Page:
The case of the day is Pablo Start Ltd. v. The Welsh Government (S.D.N.Y. 2016). The Welsh government ran a ‘Visit Wales’ tourism campaign, which included photographs of the poet Dylan Thomas that, according to Pablo Start, were subject to copyright and used without permission. The judge explains that Dylan Thomas was “a Welsh-born poet who lived from 1914 to 1953” and who “is best known for his troubled and chaotic personal life and for penning the poem ‘Do not go gentle into that good night.'” Okay, but why that poem? Why not “And death shall have no dominion,” or “The force that through the green fuse drives the flower”? Anyway, the claim was that the Welsh campaign had provided publishers, who were also defendants, with the photographs, which then were published in various media. Pablo Start sued Wales in New York.
Rather than reaching the FSIA issues, the court disposed of the case against the Welsh government on service of process grounds. Pablo Start tried to effect service via the Crown Proceedings Act 1947, which requires service on a solicitor for the government department being sued. This was not a ridiculous idea, since in an email exchange before commencement of the action, counsel for Pablo Start wrote:
Also, please advise if you are authorized to accept service on behalf of your client and if you’d be willing to do so electronically. If not, please identify your client’s agent for service of process in New York.
The lawyer for the Welsh government had responded:
We are not authorised to accept service. Proceedings should be served upon the Welsh Ministers, addressed to the Director of Legal Services, Mr Jeffrey Godfrey. This is in line with provisions of the Crown Proceedings Act 1947.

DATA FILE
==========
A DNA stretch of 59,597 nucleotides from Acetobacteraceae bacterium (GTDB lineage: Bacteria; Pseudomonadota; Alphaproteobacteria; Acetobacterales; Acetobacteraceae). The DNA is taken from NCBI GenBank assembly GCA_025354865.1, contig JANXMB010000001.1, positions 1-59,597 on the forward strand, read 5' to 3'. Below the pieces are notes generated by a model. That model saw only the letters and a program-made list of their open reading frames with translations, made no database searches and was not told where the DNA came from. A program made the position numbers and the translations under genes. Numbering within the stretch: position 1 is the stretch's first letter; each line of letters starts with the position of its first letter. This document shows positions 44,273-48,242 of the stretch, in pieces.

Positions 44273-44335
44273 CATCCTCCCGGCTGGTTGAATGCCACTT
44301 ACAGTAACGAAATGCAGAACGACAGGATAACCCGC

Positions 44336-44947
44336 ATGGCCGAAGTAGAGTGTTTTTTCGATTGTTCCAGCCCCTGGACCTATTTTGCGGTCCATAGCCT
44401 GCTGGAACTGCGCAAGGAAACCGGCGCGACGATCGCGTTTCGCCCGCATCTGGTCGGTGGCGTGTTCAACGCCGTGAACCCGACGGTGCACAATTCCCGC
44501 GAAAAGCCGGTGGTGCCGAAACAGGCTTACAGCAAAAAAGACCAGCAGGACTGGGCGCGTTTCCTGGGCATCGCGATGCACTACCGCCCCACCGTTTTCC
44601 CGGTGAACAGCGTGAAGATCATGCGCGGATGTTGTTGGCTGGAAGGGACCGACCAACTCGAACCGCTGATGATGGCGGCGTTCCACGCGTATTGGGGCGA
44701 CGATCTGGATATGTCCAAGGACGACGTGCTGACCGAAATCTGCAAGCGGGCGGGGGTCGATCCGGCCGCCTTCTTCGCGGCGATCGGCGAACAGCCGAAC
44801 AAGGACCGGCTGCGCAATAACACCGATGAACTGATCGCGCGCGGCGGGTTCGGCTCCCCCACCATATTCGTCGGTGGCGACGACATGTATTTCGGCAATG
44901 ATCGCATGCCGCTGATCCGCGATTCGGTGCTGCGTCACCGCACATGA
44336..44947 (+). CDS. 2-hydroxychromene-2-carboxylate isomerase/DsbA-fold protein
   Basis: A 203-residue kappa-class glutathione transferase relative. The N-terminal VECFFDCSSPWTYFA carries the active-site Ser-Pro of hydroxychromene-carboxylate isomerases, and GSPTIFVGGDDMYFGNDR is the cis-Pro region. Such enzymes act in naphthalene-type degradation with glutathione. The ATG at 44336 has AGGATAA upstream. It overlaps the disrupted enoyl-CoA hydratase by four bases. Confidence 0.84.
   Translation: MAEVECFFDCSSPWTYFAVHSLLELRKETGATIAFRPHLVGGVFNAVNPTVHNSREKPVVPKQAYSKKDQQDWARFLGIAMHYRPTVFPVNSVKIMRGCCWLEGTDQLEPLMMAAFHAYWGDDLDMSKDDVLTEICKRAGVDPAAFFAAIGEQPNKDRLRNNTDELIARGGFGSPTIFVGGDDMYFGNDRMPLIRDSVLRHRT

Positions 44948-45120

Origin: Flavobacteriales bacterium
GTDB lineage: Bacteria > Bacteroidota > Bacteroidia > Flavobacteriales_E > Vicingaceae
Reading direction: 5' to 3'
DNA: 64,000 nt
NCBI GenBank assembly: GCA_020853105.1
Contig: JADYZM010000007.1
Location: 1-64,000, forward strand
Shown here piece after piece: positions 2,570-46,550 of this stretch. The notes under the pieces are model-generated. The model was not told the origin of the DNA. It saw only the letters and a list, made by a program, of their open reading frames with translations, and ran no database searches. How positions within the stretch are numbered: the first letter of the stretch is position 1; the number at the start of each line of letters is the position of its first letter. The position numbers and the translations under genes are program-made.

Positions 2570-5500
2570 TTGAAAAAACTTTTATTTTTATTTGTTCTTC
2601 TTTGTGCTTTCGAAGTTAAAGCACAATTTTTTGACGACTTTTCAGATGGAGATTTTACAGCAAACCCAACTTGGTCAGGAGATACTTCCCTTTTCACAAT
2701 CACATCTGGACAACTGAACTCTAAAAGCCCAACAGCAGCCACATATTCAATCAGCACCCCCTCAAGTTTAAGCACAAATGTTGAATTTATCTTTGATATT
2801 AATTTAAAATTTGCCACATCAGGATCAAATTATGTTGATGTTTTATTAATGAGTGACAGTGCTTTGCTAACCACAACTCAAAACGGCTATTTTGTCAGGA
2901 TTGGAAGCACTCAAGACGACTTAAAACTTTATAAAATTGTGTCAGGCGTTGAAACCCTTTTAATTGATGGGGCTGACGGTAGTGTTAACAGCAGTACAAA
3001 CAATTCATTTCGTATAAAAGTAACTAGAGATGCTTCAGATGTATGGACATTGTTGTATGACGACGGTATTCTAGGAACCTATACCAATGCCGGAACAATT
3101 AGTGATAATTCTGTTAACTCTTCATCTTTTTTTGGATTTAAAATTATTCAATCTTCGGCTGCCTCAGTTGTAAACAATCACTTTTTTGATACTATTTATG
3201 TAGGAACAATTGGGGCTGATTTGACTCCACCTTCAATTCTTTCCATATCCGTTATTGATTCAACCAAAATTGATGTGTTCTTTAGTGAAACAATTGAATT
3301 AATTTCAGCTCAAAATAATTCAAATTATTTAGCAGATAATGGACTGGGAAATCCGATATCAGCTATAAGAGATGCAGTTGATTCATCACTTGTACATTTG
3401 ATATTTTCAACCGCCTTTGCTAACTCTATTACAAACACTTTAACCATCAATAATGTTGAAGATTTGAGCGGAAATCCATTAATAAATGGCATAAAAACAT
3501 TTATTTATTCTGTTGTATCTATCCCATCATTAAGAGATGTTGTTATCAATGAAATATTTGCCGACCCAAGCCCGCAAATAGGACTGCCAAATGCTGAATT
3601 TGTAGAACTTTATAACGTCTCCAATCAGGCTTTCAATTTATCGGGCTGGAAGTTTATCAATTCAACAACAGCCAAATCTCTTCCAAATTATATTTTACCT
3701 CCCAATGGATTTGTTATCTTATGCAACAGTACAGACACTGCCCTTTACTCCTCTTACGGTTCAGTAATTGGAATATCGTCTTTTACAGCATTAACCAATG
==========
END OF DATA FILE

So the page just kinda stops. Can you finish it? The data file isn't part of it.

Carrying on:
According to Pablo Start, this exchange constituted a special arrangement for service under 28 U.S.C. § 1608(a)(1), and therefore not only was Pablo Start permitted to make service in this way, it was required to make service in this way (since the four methods of service set out in the FSIA must be tried in the order set out in the statute).
Sending these kinds of emails pose risks for both sides. It’s not clear why the Welsh government’s lawyers would write what they wrote, since foreign states almost always want to put plaintiffs through their paces on service of process and it is at least possible to read the emails as an agreement or at least an invitation to serve process via the Crown Proceedings Act rather than via the FSIA. The email is also risky for the plaintiff, because it muddies the waters and creates a risk that the plaintiff will get service wrong. I think if you want to make an agreement on a special arrangement for service of process for FSIA purposes, you ought to be very explicit about it.
In any event, the judge held that the emails weren’t sufficiently definite or clear to constitute an special arrangement for service. “Courts require a more definite manifestation of agreement when determining that a special arrangement has been made …” So the case was dismissed (perhaps the court should have quashed the service and given the plaintiff another chance, but the court dismissed the case on other grounds, too, so that’s a moot point).